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Daniel Friess - Tulane University. New Orleans, LA, US

Daniel Friess

Cochran Family Professor | Tulane University


Daniel "Dan" Friess is a researcher working to unveil the critical role that mangrove forests play in the fight against climate change.







Case for optimism- The ecosystem protecting coastlines & storing carbon | Dan Friess | TEDxSingapore Mangroves - Dr Dan Friess, National University of Singapore Will mangrove forests save us from climate change? - Assoc Prof Dan Friess 20 Qs for U: A Conversation with the Mangrove Man Mangroves - Dr Dan Friess, National University of Singapore



Dan's research focuses on coastal ecosystems and their management. In particular, he researches 'blue' carbon stored in habitats such as mangrove forests, seagrasses and marshes as a strategy to mitigate climate change, through carbon crediting and the Paris Agreement. He also works on how coastal ecosystems can be protected and restored for climate change adaptation. Dan is a member of the international Blue Carbon Initiative and the IUCN Mangrove Specialist Group. He is the co-Editor in Chief for the journal WIREs Climate Change. For more information visit www.themangrovelab.com.

Areas of Expertise (6)

Coastal Ecosystems

Remote Sensing

Mangrove Forests

Blue Carbon

Mangrove Ecosystems


Education (2)

University of Cambridge: PhD 2009

Imperial College London: BS 2004

Articles (4)

Saving our mangroves for planet-saving payoffs

NUS News


Deforestation and removal of mangrove areas for conversion to aquaculture, agriculture, urban and coastal development have led to mangrove forests being once considered one of the most threatened habitats on the planet. Lesser known is how mangroves are actually one of the most productive and biologically diverse ecosystems in the world, with millions of people in coastal communities relying on them for fisheries, fuel wood, medicines and coastal protection. However, recent international efforts have turned this habitat into an emerging conservation success story. Joining in these efforts is Associate Professor Dan Friess and his research team from the Department of Geography at NUS Faculty of Arts and Social Sciences. A coastal geographer, he is passionate about conserving mangroves and their ecosystems so that they may continue protecting delicate sea life, coastlines and help in the fight against climate change.

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24 hours with… mangrove specialist Daniel Friess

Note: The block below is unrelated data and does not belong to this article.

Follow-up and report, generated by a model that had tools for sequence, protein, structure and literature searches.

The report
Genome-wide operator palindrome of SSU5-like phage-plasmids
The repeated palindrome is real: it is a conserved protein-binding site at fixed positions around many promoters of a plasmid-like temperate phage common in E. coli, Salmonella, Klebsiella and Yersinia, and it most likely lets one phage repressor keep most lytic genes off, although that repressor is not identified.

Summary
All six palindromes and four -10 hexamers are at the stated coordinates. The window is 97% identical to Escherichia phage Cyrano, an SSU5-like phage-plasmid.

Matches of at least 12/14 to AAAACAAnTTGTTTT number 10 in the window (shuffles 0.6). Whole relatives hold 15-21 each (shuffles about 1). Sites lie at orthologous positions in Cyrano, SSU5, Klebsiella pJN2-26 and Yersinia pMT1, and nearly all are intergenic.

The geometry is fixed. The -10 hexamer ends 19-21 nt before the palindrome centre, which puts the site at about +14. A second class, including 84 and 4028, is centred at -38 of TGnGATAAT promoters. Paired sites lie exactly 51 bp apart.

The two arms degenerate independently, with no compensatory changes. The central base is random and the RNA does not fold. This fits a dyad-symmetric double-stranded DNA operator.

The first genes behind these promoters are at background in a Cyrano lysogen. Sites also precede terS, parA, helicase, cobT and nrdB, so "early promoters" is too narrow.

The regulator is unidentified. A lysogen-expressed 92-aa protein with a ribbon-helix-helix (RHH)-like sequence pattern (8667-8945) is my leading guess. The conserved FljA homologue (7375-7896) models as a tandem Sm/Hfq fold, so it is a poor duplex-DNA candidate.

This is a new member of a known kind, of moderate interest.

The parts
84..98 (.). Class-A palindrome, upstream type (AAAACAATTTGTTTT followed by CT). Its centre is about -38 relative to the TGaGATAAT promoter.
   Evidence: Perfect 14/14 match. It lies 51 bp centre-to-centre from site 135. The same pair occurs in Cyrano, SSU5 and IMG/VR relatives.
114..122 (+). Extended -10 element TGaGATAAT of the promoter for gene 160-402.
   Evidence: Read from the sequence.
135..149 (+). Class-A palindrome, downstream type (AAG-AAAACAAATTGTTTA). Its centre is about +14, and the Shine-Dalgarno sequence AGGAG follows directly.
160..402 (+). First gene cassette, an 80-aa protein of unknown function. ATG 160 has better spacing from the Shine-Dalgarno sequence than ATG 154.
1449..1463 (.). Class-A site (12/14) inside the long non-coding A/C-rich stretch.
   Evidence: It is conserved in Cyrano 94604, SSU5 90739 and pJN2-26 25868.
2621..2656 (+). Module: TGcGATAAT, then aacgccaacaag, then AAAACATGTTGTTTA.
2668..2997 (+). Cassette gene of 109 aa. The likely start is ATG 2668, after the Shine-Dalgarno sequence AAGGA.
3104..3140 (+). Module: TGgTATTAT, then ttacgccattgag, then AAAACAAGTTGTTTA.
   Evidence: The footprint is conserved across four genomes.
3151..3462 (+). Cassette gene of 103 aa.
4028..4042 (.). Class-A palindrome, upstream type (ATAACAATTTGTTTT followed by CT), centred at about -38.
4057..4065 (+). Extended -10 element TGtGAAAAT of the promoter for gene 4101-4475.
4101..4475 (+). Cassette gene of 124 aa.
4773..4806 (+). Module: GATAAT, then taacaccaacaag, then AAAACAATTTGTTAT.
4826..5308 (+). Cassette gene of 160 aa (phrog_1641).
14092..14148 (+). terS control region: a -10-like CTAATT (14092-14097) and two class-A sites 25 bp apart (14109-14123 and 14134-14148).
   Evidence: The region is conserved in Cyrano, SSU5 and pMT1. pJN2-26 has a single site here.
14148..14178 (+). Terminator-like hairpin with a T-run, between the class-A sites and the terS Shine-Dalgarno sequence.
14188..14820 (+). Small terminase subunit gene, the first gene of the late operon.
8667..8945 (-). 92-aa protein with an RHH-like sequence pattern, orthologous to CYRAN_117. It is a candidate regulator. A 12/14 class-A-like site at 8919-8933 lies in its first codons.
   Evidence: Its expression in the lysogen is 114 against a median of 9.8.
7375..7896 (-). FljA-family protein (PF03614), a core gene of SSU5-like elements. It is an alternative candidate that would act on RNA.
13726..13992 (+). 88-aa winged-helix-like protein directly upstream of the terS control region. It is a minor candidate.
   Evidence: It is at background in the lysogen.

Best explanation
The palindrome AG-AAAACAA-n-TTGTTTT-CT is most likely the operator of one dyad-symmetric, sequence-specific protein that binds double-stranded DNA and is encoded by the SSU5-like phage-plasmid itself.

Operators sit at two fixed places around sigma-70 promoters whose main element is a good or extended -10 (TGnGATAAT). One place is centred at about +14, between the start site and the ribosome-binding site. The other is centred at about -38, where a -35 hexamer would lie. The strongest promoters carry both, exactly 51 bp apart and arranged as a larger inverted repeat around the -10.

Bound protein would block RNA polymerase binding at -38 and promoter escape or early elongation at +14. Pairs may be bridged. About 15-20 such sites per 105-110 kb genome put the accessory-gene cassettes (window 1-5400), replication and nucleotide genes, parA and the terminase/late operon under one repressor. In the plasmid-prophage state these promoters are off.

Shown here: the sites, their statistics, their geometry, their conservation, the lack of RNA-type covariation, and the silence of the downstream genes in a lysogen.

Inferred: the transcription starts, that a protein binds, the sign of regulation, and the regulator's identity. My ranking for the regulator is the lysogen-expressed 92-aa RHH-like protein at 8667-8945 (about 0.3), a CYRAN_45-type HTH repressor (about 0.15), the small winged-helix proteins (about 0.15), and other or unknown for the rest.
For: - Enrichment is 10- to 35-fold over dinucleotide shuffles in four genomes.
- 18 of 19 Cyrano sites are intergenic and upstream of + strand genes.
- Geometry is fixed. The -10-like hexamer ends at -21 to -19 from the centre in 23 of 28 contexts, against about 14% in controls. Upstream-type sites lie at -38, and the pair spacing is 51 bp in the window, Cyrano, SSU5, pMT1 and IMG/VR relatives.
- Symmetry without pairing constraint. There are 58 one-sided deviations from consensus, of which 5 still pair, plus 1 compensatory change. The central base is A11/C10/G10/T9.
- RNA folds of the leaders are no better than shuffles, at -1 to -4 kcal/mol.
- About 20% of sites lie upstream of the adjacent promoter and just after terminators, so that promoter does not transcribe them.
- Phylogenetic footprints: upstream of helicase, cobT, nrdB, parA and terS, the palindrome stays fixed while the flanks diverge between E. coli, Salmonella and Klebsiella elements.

Liang Lei


Professor Daniel Friess’ 17 years of research in coastal ecosystems started with wanting to get away from his hometown Milton Keynes, in central England, about a hundred kilometres from the nearest seashore. His expertise in how wetlands respond to sea-level rise brought him from the United Kingdom to Singapore, where he has been based since 2009. Today, Friess focuses on how people interact with mangrove forests and seagrass meadows, such as the destruction we bring to these ecosystems, and the benefits we didn’t know we could get by conserving them. Mangroves – a collection of trees that grow on salty, coastal mud which gets flooded by the tides daily – have gained prominence as global warming has worsened in recent years. They can suck up larger amounts of Earth-heating carbon dioxide from the air than dryland trees, and tame storm surges before they reach human settlements.

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Commentary: From fighting climate change to illnesses — why mangroves are worth celebrating

Today Online

Daniel Friess


Every year, academics, non-governmental organizations, and the public come together to raise awareness of the importance and vulnerability of this important coastal forest. In Singapore, we have lost many of our mangroves since the 1950s due to land reclamation and the construction of freshwater reservoirs. While our remaining mangroves now cover only 8.1 sq km, they are prized for their rich biodiversity, and are gaining huge attention for their ability to help us mitigate and adapt to climate change.

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Mangrove forests under climate change in a 2°C world

WIREs Climate Change

Daniel A. Friess, Maria Fernanda Adame, Janine B. Adams, Catherine E. Lovelock


The world's nations are committed to keeping global temperature rises to less than 2°C to avoid the worst impacts of climate change. Such a target is crucial for mangrove forests, because they are located primarily in tropical and subtropical regions that are expected to see large changes in climatic conditions; their intertidal location and sensitivity to changes in environmental conditions means that mangroves are expected to be on the front line of climate change impacts. We conceptualize what a 2°C world might look like for mangroves, and in particular the potential negative and positive responses of the mangrove ecosystem to anticipated changes in future atmospheric CO2 concentrations, temperature, sea level, cyclone activity, storminess and changes in the frequency, and magnitude of climatic oscillations.

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